A century ago tonight, allied soldiers lay in wait off the Turkish coast.
In the dead of night they moved towards Anzac Cove. By sunrise, landfights were underway in Gallipoli.
The campaign was ultimately doomed, costing 60,000 allied lives, more than half of them British.
ITV News Correspondent Dan Rivers travelled to Turkey to meet two descendants of men who fought there.
One of the great tragedies of the First World War is the number of youths who lied about their age to enlist particularly in the Royal Navy.Read the full story ›
A hundred years ago two German Zeppelins loomed over Norfolk and dropped their bombs, killing four people.Read the full story ›
Sir Trevor Brooking, Gary Neville, Vincent Kompany and Wojciech Szczesny are just some of the sports stars to appear in the video.Read the full story ›
The letter, released by the Royal Mail, tells how British and German troops left the trenches to play a football match in no man's land.Read the full story ›
Britain has claimed victory over Germany in a special football match marking 100 years since the near-legendary WWI Christmas truce match.Read the full story ›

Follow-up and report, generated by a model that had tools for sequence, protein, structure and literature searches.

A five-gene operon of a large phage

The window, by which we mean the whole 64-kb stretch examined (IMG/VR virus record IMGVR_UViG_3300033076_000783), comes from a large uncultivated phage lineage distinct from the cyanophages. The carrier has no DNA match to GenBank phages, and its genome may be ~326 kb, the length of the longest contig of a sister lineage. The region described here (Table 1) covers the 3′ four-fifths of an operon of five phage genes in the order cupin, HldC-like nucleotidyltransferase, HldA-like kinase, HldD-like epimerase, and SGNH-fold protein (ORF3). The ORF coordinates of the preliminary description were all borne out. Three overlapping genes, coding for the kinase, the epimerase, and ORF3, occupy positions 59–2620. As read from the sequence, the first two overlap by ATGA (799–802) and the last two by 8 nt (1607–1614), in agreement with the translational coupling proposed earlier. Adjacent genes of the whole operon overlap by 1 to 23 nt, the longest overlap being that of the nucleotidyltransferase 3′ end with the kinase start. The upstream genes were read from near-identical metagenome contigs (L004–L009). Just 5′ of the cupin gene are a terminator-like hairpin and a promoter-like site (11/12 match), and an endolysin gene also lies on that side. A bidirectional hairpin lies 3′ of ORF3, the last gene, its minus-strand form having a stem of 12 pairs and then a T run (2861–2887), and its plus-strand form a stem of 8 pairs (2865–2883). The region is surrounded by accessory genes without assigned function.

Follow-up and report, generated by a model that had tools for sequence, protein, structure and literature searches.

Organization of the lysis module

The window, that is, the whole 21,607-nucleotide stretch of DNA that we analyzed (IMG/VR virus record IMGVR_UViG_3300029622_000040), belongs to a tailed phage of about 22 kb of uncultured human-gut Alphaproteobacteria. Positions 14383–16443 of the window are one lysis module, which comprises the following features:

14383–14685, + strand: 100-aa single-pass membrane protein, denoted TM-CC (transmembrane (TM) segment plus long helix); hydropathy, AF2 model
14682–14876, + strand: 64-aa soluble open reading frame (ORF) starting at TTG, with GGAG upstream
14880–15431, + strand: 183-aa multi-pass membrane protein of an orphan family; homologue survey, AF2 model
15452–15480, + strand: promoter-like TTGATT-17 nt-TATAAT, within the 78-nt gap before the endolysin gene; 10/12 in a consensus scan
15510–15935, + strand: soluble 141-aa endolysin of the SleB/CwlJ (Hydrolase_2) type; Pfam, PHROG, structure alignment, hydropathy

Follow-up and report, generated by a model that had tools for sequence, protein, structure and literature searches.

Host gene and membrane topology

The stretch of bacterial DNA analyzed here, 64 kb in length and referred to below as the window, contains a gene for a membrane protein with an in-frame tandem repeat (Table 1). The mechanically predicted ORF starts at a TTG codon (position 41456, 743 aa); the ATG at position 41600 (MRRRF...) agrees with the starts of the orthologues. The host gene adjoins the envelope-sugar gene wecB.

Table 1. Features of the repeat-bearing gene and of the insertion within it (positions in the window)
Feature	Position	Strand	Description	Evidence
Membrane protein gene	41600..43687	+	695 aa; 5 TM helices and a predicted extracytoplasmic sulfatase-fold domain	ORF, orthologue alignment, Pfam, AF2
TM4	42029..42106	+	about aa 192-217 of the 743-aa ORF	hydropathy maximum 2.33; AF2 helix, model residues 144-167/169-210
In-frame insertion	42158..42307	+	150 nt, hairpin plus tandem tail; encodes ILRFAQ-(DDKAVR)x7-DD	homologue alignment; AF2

A letter from a WWI general has revealed more about the iconic Christmas Day truce - and how he planned to use it once battle resumed.Read the full story ›
Britain's First World War debt is to be repaid in full, George Osborne has announced.
The Government will redeem the £1.9 billion of debt from the outstanding 3.5% War Loan - which was issued in 1932 to reduce the costs of servicing the national debt - in March 2015.
Chancellor George Osborne said it was a "moment for Britain to be proud of", adding: "We can, at last, pay off the debts Britain incurred to fight the First World War.
"It is a sign of our fiscal credibility and it’s a good deal for this generation of taxpayers.
"It’s also another fitting way to remember that extraordinary sacrifice of the past."
Tributes will be paid today to the millions of British servicemen and women who have died since the First World War began 100 years ago.Read the full story ›
Both the Queen and Prince Harry attended remembrance events today marking one hundred years since the start of the First World War.
The Queen and Duke of Edinburgh opened a new memorial garden in London dedicated to those killed at Flanders.
Prince Harry was at Westminster Abbey where he laid a cross in memory of the thousands killed in both world wars.
ITV News' Royal Correspondent Tim Ewart reports: